No injuries or damages were reported Saturday after a magnitude 4.2 earthquake rattled Michigan and surrounding states shortly after noon.
John Bellini, a geophysicist at the U.S. Geological Survey’s National Earthquake Information Center in Golden, Colo., said the earthquake’s epicenter was about 5 miles south of Galesburg, or 9 miles southeast of Kalamazoo in central Michigan.
He said the earthquake at 12:23 p.m. ET could be felt widely across lower portions of the state and into northern Indiana, northwestern Ohio, eastern Illinois, southeastern Wisconsin, and western Ontario.
Michigan Gov. Rick Snyder’s office said there were no immediate reports of damages or injuries.
“It is rare for Michigan to experience earthquakes,” Snyder said in a statement, “but as we were reminded today, it does happen.” State officials, he said, continue to monitor the situation.
Bellini said Michigan has had only one other earthquake of this magnitude, a 4.6 earthquake that shook the state in August 1947. Its epicenter was close to Saturday’s — about 30 miles to the southeast.
He said earthquakes of this magnitude are capable of causing minor damages, such as knocking items from shelves, cracking plaster or windows, or damaging brickwork or chimneys on older buildings. Earthquakes tend to cause major damage beginning at a magnitude of 5.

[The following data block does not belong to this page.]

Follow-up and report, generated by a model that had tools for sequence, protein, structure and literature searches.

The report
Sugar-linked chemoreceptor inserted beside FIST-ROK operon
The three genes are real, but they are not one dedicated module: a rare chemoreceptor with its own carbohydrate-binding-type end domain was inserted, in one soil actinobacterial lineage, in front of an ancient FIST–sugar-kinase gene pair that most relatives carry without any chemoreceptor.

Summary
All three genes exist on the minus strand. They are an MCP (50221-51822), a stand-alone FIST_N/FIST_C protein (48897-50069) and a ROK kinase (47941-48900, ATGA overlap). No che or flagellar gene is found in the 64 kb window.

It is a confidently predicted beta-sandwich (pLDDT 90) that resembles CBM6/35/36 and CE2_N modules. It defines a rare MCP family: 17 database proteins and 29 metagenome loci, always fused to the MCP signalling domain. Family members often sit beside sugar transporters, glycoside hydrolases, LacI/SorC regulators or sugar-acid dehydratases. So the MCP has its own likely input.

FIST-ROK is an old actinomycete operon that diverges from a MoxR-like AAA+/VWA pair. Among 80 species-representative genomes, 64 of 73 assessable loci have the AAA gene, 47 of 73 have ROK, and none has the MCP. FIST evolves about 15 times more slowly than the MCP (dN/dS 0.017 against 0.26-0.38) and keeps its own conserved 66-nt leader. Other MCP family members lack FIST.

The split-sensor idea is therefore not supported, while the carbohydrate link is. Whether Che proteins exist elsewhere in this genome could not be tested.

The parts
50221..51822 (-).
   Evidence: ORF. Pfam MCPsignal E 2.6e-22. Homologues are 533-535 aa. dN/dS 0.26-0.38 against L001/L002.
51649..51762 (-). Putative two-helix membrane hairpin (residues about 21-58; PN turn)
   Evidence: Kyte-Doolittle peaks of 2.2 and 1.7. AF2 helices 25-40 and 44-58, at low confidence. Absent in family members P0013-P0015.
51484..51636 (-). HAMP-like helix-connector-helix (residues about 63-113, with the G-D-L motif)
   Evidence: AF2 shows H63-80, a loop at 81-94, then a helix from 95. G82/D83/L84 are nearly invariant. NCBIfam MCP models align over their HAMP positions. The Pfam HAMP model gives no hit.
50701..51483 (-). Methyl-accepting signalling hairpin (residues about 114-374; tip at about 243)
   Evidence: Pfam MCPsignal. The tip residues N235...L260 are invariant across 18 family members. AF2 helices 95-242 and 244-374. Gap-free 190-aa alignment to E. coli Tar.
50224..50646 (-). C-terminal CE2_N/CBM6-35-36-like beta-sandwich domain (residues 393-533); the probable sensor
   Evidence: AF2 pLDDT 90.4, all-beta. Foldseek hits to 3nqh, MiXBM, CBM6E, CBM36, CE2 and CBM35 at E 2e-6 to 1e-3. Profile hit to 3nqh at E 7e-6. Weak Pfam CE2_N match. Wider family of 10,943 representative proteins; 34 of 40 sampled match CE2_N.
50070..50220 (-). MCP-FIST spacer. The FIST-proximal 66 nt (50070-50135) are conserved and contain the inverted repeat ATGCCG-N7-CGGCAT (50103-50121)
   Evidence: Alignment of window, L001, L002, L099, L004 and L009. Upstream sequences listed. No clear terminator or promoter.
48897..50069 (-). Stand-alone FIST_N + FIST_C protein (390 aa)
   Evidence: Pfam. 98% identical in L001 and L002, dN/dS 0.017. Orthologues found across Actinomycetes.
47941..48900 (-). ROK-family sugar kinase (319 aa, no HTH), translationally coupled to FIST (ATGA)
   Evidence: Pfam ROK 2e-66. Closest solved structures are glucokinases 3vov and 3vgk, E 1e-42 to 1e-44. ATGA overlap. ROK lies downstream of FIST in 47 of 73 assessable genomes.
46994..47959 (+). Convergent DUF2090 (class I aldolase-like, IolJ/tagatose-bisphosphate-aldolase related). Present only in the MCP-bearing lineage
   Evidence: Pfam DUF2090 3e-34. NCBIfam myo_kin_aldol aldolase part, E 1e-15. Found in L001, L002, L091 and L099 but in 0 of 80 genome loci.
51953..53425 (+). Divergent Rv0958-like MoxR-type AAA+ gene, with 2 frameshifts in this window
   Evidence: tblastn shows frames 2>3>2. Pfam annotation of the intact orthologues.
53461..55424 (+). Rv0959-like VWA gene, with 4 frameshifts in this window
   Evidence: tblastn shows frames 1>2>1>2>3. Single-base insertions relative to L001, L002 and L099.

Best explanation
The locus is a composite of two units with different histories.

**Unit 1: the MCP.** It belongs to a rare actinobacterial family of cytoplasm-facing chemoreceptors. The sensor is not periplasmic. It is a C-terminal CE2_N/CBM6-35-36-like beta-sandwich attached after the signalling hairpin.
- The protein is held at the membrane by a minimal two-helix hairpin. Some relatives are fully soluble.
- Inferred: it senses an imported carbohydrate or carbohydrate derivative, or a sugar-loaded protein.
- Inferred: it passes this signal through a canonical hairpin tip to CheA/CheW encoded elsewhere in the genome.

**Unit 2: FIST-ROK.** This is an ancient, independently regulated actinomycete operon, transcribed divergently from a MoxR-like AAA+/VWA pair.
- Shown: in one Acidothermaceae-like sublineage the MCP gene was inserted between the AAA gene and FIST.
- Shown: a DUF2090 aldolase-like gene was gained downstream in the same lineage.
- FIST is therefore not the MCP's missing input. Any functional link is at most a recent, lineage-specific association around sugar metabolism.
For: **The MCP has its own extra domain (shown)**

Bellini said that Michigan does not have a lot of active faults and is not near any plate boundaries. He said most of the earthquakes that happen east of the Rockies are on faults that are poorly studied, very small and underground.
On social media, Michigan residents reported feeling the earth shake in Grand Rapids, Lansing, Ann Arbor and Troy.
Comments on Twitter included: “felt the earth shake in Livonia. Don’t need to experience that ever again,” “felt the building shake at metro airport” and “Kalamazoo shook hard!”
David Fletcher, who lives in Lawton, about 30 miles from Galesburg, said he was in his kitchen when he felt the ground shake.
“Went outside to make sure the apocalypse wasn’t beginning,” he said. “Then came to the conclusion it was an earthquake. I immediately posted on Facebook. Because, well that’s the rule these days.”
Scott Brown of Albion said that “it almost seemed like a vehicle was crashing into the house.” He said his children knew what he was talking about when he said to get in a doorway.
“I guess they teach what to do in school,” Brown said. “They remembered.”
Residents reported that they felt it last for a few seconds. Some say their house shook; others said it startled their pets. We’ve compiled some tweets of their accounts below.
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SOURCE: Detroit Free Press – Jennifer Dixon and Gina Damron